Patriots

Would timing be right for Patriots to court Kyle Rudolph?

Would timing be right for Patriots to court Kyle Rudolph?

When murmurs surfaced that the tight-to-the-cap Vikings would struggle to keep tight end Kyle Rudolph around, they were squished fairly quickly by Vikings management.

But those murmurs may soon escalate to chatter. Ian Rapoport of NFL.com reported on Friday that extension talks that would lower Rudolph’s 2019 cap hit broke down. Rudolph, who’s in the final year of his deal, is due $7.5M. The Vikings drafted Alabama tight end Irv Smith two weeks ago.

Which obviously leads to the question of whether the Patriots would be buyers if the Vikings were sellers. Two weeks ago, I was told that a Rudolph deal at that juncture was “highly unlikely.” But that was before this latest news. The Vikings have less than $1M in cap space currently and are going to have to start lopping before they sign rookies.

But the Patriots have now committed themselves to three free agent tight ends – Matt LaCosse, Austin Sefarian-Jenkins and Benjamin Watson. The 29-year-old Rudolph would seem to be a touch better (at least) than all of them. He’s caught 250 passes in the past four seasons and – at 6-6, 265 – he can move people around in the running game as well.

Between Rob Gronkowski taking his time to retire, which slowed the Patriots pursuit of Jared Cook (signed with New Orleans) to missing out on wide receiver Adam Humphries (signed with Tennessee after Patriots’ late sweetener was rebuffed) to Rudolph possibly becoming available right after Watson was signed, the Patriots have seemingly been in chase mode a few times this offseason.

We’ll see if they join the fray on Rudolph.

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Stephon Gilmore aptly captures Bill Belichick's insane attention to detail

Stephon Gilmore aptly captures Bill Belichick's insane attention to detail

Those best equipped to describe Bill Belichick's football genius are the players he shares that genius with.

Take it from Patriots cornerback Stephon Gilmore, who's developed into one of the best defensive backs in the league since coming to New England in 2016.

In a recent interview with Sports Illustrated's Conor Orr, Gilmore recalled a detail Belichick shared with him prior to a 2018 game that may go overlooked on other coaching staffs.

"He said, ‘When the ball is traveling in this certain direction, the wind is blowing hard enough where you should probably trail the receiver just a little bit because the ball isn’t going that deep,' " Gilmore told Orr.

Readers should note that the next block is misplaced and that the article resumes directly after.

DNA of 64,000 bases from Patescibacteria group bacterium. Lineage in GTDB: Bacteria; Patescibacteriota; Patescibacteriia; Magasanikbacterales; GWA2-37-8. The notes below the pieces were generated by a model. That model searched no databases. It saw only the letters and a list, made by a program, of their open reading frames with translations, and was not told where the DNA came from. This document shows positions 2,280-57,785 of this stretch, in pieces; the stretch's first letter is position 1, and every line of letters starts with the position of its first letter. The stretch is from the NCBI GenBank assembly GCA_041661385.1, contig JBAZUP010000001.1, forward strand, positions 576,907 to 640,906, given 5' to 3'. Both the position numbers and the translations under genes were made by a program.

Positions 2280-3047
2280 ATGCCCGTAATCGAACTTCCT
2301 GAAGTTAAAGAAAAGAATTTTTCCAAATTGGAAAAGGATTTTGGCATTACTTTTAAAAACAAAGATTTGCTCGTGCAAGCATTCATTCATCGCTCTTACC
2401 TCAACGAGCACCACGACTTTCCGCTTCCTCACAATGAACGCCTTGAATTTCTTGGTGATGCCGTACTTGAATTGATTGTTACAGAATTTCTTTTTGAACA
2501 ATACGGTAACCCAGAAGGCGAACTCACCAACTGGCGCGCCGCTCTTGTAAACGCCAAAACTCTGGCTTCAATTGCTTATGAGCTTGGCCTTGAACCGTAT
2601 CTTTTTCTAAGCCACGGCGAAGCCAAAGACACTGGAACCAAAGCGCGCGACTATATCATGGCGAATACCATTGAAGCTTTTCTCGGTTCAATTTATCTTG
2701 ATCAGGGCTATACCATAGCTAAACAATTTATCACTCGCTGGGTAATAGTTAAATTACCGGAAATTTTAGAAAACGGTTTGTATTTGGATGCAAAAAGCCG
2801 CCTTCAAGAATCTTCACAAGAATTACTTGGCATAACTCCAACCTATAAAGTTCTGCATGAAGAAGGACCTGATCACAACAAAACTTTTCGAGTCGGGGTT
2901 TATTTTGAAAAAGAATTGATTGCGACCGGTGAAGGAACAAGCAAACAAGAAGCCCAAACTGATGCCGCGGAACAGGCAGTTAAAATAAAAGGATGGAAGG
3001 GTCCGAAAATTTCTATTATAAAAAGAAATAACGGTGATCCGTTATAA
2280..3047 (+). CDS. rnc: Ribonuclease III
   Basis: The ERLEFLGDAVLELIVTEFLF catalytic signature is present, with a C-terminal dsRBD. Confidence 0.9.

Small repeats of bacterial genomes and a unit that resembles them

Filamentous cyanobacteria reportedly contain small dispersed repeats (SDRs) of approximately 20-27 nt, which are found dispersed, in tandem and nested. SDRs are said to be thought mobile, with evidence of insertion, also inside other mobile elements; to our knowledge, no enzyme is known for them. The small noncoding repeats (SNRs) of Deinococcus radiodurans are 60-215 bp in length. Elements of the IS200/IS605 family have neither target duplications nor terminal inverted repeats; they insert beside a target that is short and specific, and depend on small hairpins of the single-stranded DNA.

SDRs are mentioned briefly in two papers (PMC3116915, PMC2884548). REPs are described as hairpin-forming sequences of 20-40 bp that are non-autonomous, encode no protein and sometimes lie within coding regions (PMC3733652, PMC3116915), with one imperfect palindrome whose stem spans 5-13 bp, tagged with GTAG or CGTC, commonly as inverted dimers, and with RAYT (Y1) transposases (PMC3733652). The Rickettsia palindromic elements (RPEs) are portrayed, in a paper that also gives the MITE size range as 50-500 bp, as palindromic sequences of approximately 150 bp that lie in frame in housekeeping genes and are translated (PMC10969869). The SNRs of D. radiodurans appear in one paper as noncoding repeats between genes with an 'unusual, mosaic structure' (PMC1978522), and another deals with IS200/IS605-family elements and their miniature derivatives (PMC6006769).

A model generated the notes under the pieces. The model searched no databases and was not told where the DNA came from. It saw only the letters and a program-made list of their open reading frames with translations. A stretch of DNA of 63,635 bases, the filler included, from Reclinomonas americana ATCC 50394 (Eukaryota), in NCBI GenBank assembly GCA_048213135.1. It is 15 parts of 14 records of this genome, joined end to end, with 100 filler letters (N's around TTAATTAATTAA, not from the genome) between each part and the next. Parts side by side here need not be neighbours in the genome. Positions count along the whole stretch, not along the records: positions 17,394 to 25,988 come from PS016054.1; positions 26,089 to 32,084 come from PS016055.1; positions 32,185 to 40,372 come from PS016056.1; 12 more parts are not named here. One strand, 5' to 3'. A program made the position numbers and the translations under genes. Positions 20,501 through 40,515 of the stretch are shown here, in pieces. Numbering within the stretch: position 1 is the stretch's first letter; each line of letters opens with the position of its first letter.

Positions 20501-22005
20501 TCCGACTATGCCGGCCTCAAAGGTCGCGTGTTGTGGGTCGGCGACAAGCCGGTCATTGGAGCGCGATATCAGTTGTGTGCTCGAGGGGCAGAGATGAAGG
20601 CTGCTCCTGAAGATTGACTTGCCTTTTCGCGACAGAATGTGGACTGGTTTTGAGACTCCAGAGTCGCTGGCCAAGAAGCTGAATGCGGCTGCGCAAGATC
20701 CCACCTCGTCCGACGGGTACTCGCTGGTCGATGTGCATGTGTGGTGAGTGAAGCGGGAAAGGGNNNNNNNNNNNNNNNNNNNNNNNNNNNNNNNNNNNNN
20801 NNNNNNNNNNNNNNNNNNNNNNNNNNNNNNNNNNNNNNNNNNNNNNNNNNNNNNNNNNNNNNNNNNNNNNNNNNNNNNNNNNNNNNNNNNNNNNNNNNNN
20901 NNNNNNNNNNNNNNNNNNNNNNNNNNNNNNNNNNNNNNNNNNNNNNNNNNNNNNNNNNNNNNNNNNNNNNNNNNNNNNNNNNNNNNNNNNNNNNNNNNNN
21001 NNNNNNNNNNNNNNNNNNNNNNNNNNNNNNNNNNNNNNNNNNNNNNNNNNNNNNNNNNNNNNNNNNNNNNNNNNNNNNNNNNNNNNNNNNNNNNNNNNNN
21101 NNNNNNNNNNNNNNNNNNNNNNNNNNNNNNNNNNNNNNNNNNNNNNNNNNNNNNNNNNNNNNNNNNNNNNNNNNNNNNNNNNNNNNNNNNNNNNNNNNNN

"I mean, nobody looks at those kinds of things. It’s the little things like that. You listen to him."

Gilmore seemingly reaped the benefits of Belichick's extra insight, too. As Orr points out, both of Gilmore's interceptions in 2018 came in outdoor stadiums -- Week 1 vs. Houston Texans, Week 11 at New York Jets -- on underthrown deep balls. (You can see them at the 0:01 and 6:17 marks of the video below).

 

Gilmore's anecdote shouldn't surprise you: Belichick is famous for leaving no stone unturned and makes a habit of surveying the field several hours before a game to gauge everything from wind speed to field conditions to the position of the sun.

But every once in a while, a player like Gilmore gives us a reminder that Belichick's relentless preparation hasn't changed as he enters his 20th season as Patriots head coach.

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How Eagles' Brandon Graham uses Tom Brady to cheer himself up on bad days

How Eagles' Brandon Graham uses Tom Brady to cheer himself up on bad days

If you're in a bad mood, it helps to recall happier times.

It just so happens that one of Brandon Graham's happiest moments came at the expense of the New England Patriots.

The Eagles defensive end famously recorded a strip sack on Tom Brady with 2:21 remaining in Super Bowl LII, a crucial play that thwarted New England's comeback attempt and helped Philadelphia score a 41-33 upset.

According to NBC Sports' Peter King, Graham relives that play quite often. From King's "Football Morning in America" column Monday:

Graham told me he has a video of him strip-sacking Tom Brady in the biggest moment of Super Bowl (LII) on his phone, and when he’s having a bad day, he’ll watch it.

Brady and the Patriots probably never want to see that play again. But they found a different way of cheering themselves up by rebounding to win Super Bowl LIII the following year, as Brady now has shining moments from six Super Bowl titles to look back on should he ever need a pick-me-up.

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